She is the award-winning author of Leap, An Unspoken Hunger, Refuge & most recently Red - A Desert Reader. She lives in Castle Valley, Utah.

Customer Reviews

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Most Helpful Customer Reviews

42 of 44 people found the following review helpful By A Customer on September 20, 2001
Format: Hardcover
When Terry Tempest Williams starts this book with her simple equation place + people = politics, you know you've started reading a book meant to have political impact. But as the equation states, and as any TTW reader knows, you will be reading about place and about people, and you will be reading about these things as seen through the honest open heart of Terry Tempest Williams.
Red is a collection of stories, poems, journal entries and thoughts centered in one place, the redrock desert of southern Utah. While reading Red I found myself feeling similarities with it and Steinbeck's The Long Valley and The Pastures of Heaven. Like both of those books, Red tells the different stories of separate people and the one place that connects them. But unlike those books, the stories in Red span hundreds of years. The place remains relatively unchanged through time. But the people and civilizations pass through this unchanging landscape living, making their mark on the land, and dying. TTW tells these stories in geologic time-desert time. The people stay connected.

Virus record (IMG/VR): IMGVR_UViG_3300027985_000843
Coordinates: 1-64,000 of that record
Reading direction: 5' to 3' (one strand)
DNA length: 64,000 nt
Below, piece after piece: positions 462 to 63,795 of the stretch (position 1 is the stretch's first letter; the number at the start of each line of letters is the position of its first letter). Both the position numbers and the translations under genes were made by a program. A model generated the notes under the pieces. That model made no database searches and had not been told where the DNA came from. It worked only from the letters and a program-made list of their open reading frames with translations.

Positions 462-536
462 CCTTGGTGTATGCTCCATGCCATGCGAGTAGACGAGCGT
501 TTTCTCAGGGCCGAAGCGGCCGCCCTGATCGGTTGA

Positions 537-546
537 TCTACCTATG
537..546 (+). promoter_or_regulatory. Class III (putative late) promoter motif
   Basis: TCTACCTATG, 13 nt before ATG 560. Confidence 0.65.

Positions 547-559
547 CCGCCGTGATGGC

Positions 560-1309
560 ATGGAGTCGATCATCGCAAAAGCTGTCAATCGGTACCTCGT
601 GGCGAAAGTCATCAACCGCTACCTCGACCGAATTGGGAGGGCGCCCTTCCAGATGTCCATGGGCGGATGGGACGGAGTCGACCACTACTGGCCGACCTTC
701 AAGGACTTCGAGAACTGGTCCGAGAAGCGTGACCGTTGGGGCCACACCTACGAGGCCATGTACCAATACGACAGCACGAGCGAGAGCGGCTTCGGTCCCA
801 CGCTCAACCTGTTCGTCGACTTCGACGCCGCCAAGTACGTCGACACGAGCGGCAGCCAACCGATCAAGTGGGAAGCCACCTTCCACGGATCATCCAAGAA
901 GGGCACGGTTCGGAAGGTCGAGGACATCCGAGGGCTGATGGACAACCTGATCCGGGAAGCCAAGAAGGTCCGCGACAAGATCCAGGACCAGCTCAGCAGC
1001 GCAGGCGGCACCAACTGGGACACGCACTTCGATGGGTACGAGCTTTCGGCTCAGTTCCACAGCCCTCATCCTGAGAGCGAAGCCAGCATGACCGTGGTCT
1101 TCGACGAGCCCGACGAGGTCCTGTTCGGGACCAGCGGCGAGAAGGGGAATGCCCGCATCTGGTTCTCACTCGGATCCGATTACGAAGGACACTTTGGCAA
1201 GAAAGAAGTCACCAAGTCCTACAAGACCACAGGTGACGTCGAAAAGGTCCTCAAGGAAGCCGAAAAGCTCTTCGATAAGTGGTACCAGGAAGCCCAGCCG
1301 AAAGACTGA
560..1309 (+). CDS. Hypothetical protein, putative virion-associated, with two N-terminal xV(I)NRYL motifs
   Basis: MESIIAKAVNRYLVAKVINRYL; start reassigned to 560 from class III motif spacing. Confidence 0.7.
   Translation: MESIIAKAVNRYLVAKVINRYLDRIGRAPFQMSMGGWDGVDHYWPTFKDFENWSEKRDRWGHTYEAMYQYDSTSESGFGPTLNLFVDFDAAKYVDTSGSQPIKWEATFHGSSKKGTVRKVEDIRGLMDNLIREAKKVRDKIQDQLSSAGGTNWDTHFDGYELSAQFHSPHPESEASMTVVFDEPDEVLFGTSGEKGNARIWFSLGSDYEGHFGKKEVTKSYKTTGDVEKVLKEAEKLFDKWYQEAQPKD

Hands connect the people. Hands appear everywhere in the book. Hands are the link between past, present and future. Hands come from the past in geologic forms with Anasazi handprints on clay pots and redrock walls, and a sharp obsidian chip "worked by ancient hands". They are in the present in biologic forms with a hand sliced open by the same sharp obsidian chip; one hand on the belly of a petroglyph while the other rests on a human belly in the present; and the story of children holding out hands to catch the desert's tears that drip from ferns. Then in the final paragraph hands are formed in prayer: "The eyes of the future are looking back at us and they are praying for us to see beyond our own time.